GMU Hosts Health Security Career Panel 
Last week, adjunct professor Ashley Grant, a lead biotechnologist at the MITRE Corporation, held a career panel at the Schar School of Policy and Government at George Mason University as part of her course on Global Health Security Policy. To highlight the different paths that graduate students in the Biodefense program can take in the health security field, Professor Grant convened a diverse panel of health security practitioners to discuss their jobs and the skills they have needed to succeed. The panel included professionals from a variety of different backgrounds ranging from local health providers to Federal employees. Students in the Schar School’s Biodefense Graduate Program were able to ask the panelists about the challenges of moving from a technical career path into science policy and opportunities for internships. The panel included Stuart Evenhaugen of the Assistant Secretary for Preparedness and Response (ASPR)’s Strategy Division in the Department of Health and Human Services (HHS); Syra Madad, the Senior Director of System-Wide Special Pathogens Program at NYC Health + Hospitals; Halley Smith, a program lead with the U.S. Department of State Cooperative Threat Reduction Program, on detail from Sandia National Laboratories Global Chemical and Biological Security Program; Sapana Vora, the Deputy Team Chief for the U.S. Department of State’s Biosecurity Engagement Program (BEP) and Iraq Program in the Office of Cooperative Threat Reduction (CTR); and Malaya Fletcher, a Lead Scientist at Booz Allen Hamilton in Washington, DC.  The panel also included LTC Justin Hurt a CBRN/WMD Organizational Integration Officer in the Army G-3/5/7 Office who is currently enrolled in the Biodefense PhD program. As biodefense graduate student Michael Krug noted, “The panel was immensely valuable in providing detailed insights and experiences into each of the panelist’s unique career paths. Emphasizing the demand for multi-disciplined approaches, as well as active communication to answer the many health security questions facing the world.”

A Little Bit of Plague and A Whole Lot of Panic  
Plague – a word that still sparks fear after hundreds of years. Two cases were recently reported in China’s Inner Mongolia and of course, it involved a hunter and butchering/eating a wild animal. Diagnosed on November 5th, there were two additional cases reported in Beijing but from the Inner Mongolia area. “In both cases, the two patients from Inner Mongolia were quarantined at a facility in the capital after being diagnosed with pneumonic plague, health authorities said at the time. The Inner Mongolia health commission said it found no evidence so far to link the most recent case to the earlier two cases in Beijing.” As many have pointed out, the fear around this news has been more damaging to response efforts. Pneumonic plague is not as highly contagious as many news outlets have let on – only requiring Droplet + Standard isolation precautions and plague is easily treatable with antibiotics or prophylaxis.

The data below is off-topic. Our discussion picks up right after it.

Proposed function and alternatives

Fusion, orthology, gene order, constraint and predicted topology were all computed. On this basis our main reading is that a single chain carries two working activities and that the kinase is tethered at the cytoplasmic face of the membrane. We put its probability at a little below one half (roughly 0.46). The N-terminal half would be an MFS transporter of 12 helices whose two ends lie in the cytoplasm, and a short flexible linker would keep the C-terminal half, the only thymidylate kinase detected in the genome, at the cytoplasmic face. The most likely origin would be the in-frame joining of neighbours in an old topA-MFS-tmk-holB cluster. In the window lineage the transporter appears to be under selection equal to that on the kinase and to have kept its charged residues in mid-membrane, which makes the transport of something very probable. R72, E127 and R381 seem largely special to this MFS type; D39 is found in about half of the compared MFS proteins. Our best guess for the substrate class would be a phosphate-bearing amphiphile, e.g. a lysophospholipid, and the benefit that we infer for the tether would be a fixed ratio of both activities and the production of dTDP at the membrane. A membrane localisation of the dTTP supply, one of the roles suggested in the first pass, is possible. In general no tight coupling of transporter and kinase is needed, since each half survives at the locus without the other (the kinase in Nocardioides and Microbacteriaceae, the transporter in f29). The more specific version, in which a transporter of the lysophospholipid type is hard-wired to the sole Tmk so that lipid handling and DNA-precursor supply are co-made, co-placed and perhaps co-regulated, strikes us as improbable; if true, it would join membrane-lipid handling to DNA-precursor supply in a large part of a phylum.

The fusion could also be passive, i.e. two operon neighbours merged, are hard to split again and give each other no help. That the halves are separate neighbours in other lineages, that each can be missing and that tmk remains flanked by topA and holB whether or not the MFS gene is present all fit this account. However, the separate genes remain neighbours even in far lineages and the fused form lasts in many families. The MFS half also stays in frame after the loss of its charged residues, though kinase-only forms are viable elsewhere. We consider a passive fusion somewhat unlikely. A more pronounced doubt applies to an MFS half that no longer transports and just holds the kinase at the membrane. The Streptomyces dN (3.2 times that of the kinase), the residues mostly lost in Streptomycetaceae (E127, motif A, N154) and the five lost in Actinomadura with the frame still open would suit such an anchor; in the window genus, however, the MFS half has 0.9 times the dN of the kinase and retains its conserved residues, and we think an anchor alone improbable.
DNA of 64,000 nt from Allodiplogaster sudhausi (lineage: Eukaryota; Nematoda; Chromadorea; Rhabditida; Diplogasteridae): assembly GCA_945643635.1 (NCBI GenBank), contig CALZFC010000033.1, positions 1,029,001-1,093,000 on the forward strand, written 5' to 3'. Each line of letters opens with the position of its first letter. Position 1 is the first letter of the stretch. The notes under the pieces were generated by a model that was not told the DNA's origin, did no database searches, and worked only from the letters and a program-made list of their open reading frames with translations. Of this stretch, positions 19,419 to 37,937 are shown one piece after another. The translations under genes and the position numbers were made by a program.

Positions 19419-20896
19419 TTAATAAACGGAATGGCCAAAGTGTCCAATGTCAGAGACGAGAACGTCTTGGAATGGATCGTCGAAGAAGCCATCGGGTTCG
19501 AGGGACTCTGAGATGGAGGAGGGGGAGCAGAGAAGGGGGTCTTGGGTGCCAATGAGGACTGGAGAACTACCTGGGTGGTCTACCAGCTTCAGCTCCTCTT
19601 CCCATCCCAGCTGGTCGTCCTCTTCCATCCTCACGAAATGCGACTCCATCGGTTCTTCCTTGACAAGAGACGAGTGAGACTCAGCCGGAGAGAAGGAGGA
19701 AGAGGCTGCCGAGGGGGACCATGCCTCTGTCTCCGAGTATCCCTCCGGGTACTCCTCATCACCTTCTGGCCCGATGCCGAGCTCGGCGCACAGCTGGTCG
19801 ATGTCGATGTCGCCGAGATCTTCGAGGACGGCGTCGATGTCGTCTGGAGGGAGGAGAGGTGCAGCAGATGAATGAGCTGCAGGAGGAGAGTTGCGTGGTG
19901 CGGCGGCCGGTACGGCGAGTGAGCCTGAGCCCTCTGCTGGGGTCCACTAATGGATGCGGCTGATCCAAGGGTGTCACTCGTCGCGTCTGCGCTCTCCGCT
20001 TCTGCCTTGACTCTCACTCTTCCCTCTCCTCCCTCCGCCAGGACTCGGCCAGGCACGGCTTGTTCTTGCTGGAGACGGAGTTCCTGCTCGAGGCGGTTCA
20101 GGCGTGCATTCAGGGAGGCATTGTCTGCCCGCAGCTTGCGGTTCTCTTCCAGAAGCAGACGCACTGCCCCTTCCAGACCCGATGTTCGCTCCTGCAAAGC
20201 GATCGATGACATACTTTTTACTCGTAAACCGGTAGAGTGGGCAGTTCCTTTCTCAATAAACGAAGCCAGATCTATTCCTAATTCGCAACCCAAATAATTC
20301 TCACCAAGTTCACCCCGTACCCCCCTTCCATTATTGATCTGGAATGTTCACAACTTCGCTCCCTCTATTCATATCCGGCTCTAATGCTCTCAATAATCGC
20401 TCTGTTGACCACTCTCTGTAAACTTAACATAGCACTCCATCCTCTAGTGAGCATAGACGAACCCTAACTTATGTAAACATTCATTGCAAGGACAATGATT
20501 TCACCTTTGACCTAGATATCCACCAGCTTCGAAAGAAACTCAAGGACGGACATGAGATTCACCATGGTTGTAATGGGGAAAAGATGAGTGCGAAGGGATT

Should We Be Celebrating CRISPR’s Anniversary?
It’s not many times an expert and innovator writes an article entitled “CRISPR’s unwanted anniversary” about a tech they were instrumental in developing. Dr. Jennifer Doudna recently wrote on those moments that can make or break a disruptive technology and in the case of CRISPR, it was last year, when Hong Kong-based scientist He Jiankui started the CRISPR baby drama. This was a pivotal moment in not only biotech, but also genome editing and its future. As Doudna notes, it’s comforting that scientists around the world reacted with conversations about the need for safeguards and transparency as CRISPR technology grows. In the face of this anniversary though, what has been done? Are there consequences for going against widely accepted norms? Doudna leaves us with the notion that “The ‘CRISPR babies’ saga should motivate active discussion and debate about human germline editing. With a new such study under consideration in Russia, appropriate regulation is urgently needed. Consequences for defying established restrictions should include, at a minimum, loss of funding and publication privileges. Ensuring responsible use of genome editing will enable CRISPR technology to improve the well-being of millions of people and fulfill its revolutionary potential.”

Outbreak Dashboard
In keeping up with the latest outbreaks, here are some quick updates on a handful of the infectious disease events that are going on  – The outbreak of Ebola virus disease in the DRC may be slowing as there were no new cases reported on November 19th but over 400 suspected cases were still being assessed (total case count is 3,296). With the recent approval of the Ebola vaccine by the European Medicines Agency (EMA), the distribution of the vaccine will increase and could impact the outbreak as well. Nigeria is facing a Yellow Fever outbreak, which it has struggled against since 2017. In the past 4 weeks, 839 new cases have been reported. Flu activity is increasing in the United States and the predominant strains are B/Victoria, A(H3N2) and A(H1N1)pdm09. 2.3% of healthcare provider visits in outpatient settings were for influenza-like illnesses. There is also a new E. coli outbreak linked to pre-packaged chicken Caesar salads impacting 17+ people across 8 states.

Hot Spots and Inadequate Monitoring for Bioterrorism – An American Story